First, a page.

York County Prison The Season 12 'American Idol' performance finale was intense…
- Posted on Oct 8th 2010 5:30PM by Tad Hendrickson
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But in looking at Danilo Pérez, you wonder where he finds the energy: The Panamanian pianist's current résumé includes being artistic director of the brand-new Berklee Global Jazz Institute, founder and president of the Panama Jazz Festival, global ambassador for UNICEF and head of the Fundación Danilo Pérez. Never mind the fact that he's a working musician leading bands and playing with, among others, Wayne Shorter's landmark acoustic quartet. All these non-music activities are extremely valid, but one could accuse Pérez of being a little ADD.
"I do all the extra activities because I enjoy them," Pérez recently explained via e-mail. "Music has more than one dimension, and performing without living life to the fullest is like playing piano in front of a wall, the sound you make hits the wall then it goes back to you, and that's it, nowhere else."
Pérez concedes that he struggles to find time to do all the things he wants to do, but he benefits by the fact that he only needs about 4-6 hours a sleep per night. Moreover like other polymaths, he sees the desire for social change connected to his desire to play, regarding both music and social activism as things worth working toward achieving, even more so now that he has started a family.
This all goes a long way towards explaining the title of his 10th album as a leader, 'Providencia,' which is Spanish for "providence." The word means something akin to divine guidance or divine care, but when asked about the title, the pianist has his own definition: "It is an invitation to be prepared for the unknown. It is also inspired by the idea of the kind of world we will leave for future generations. I think about the children -- including my own -- and ask myself if we can do anything to leave them a better world."
It's an inspirational message and fortunately the music on the album holds up its end of the bargain as well. Danilo Pérez has long been a master of blending his Latin folk music roots, his classical music training and his own passion for jazz. Sometimes his projects lean more one way – 'Across the Crystal Sea' and 'Panama Suite' are elegant orchestral jazz works – but the new one does an excellent job of balancing the three sides of this musical troika.
According to the 43-year-old composer, "I have been working on these three styles for more than 20 years and the result comes from a long process of conscious and unconscious trial and error that expresses today in a much more natural way than 20 years ago, when I thought the styles were separated entities. With time, I have come to realize there is only one style of music, and that is music itself."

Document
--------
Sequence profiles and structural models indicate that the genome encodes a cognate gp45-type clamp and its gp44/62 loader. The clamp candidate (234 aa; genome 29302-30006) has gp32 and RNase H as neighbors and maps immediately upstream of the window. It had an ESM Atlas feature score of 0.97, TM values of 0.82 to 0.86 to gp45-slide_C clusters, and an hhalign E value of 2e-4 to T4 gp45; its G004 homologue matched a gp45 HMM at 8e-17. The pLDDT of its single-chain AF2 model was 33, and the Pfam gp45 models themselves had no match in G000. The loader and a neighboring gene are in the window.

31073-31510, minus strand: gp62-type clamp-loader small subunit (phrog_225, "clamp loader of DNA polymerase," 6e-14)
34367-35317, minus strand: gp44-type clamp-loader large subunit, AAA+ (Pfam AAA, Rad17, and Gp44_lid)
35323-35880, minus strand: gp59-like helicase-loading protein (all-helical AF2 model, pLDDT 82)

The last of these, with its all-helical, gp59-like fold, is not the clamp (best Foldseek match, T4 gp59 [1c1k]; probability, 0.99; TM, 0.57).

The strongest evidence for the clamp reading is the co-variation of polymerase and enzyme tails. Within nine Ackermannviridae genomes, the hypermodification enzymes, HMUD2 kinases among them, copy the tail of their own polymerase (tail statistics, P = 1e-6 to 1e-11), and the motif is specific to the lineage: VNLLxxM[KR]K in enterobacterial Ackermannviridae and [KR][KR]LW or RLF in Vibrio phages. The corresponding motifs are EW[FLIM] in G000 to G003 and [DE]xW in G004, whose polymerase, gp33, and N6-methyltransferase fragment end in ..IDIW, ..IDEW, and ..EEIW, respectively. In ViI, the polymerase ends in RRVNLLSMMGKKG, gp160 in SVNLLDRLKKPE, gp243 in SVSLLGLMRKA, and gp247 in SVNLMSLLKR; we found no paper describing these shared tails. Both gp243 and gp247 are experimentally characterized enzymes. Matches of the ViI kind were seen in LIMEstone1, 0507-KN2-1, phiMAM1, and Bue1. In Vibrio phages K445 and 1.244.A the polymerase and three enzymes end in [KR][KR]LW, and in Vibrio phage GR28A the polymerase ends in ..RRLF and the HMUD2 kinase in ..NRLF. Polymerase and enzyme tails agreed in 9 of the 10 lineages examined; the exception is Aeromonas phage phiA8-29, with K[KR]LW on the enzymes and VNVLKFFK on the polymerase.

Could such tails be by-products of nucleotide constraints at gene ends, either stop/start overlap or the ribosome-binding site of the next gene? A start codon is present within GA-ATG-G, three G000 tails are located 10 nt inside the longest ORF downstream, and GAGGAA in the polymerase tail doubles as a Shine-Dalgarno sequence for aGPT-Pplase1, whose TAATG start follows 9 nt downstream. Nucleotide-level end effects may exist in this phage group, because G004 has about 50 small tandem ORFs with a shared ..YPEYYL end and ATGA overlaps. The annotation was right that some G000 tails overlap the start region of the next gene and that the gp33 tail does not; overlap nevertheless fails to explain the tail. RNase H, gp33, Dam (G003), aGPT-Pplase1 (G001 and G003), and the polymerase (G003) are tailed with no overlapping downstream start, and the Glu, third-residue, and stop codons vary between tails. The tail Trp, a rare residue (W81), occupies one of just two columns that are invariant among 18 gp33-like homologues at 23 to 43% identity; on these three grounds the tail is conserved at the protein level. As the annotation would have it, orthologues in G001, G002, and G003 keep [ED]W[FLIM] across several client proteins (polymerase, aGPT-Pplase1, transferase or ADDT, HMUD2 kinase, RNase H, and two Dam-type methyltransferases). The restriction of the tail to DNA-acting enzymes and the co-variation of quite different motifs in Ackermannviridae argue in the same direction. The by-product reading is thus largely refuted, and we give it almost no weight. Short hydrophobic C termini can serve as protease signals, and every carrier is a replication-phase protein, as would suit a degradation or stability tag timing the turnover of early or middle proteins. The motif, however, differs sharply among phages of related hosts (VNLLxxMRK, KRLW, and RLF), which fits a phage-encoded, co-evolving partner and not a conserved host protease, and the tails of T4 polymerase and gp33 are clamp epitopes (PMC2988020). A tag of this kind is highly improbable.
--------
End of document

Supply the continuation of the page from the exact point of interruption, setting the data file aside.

The 10-minute 'Daniela's Chronicles' is the most wide-ranging example of this philosophy, moving back and forth between classical piano filigree, earthy folk rhythms and some bebop passages. More concise are highlights like 'Galactic Panama' and 'Cobilla,' where alto saxophonist Rudresh Mahanthappa and (on the latter) vocalist Sara Serpa join Pérez's core trio. The aptly named 'Bridge of Life Pt. I' is another fine fusion, featuring a downright swinging arrangement that emphasizes French horn, bassoon, flute and oboe.
The 11 tracks, however, flow from one to the next seeming all part of Pérez's master plan, both in life and music. "Music is one part of a whole universe," he adds. "And all the small parts of music I was always so obsessed about, cannot grow without the presence of the other. Today I feel I can express the unity of the different elements of music with real life much better than 25 years ago, when I did not have the life experiences to back up any of my musical statements."
Here's what our friends at All About Jazz have been up to:
John Gilbreath: Within Earshot
Dominic Duval: Follow Your Melody
'Reunited,' The Jazz Passengers
'The Adventures of a Polar Expedition,' Hans Ulrik/Benjamin Koppel/Jon Balke/Palle Danielsson/Alex Riel
'Uncle Joe's Spirit House,' William Parker Organ Quartet
'Unduality,' Greg Burk
'Very Much Alive,' Paolo Vinaccia
FREE MP3 DOWNLOADS
'Cape Verdean Blues,' SF Jazz Collective (from 'Live 2010: 7th Annual
'Exodus,' Justin Kauflin (from 'Introducing Justin Kauflin')
'Last Train to Brooklyn,' Alex Levin Trio (from 'New York Portraits')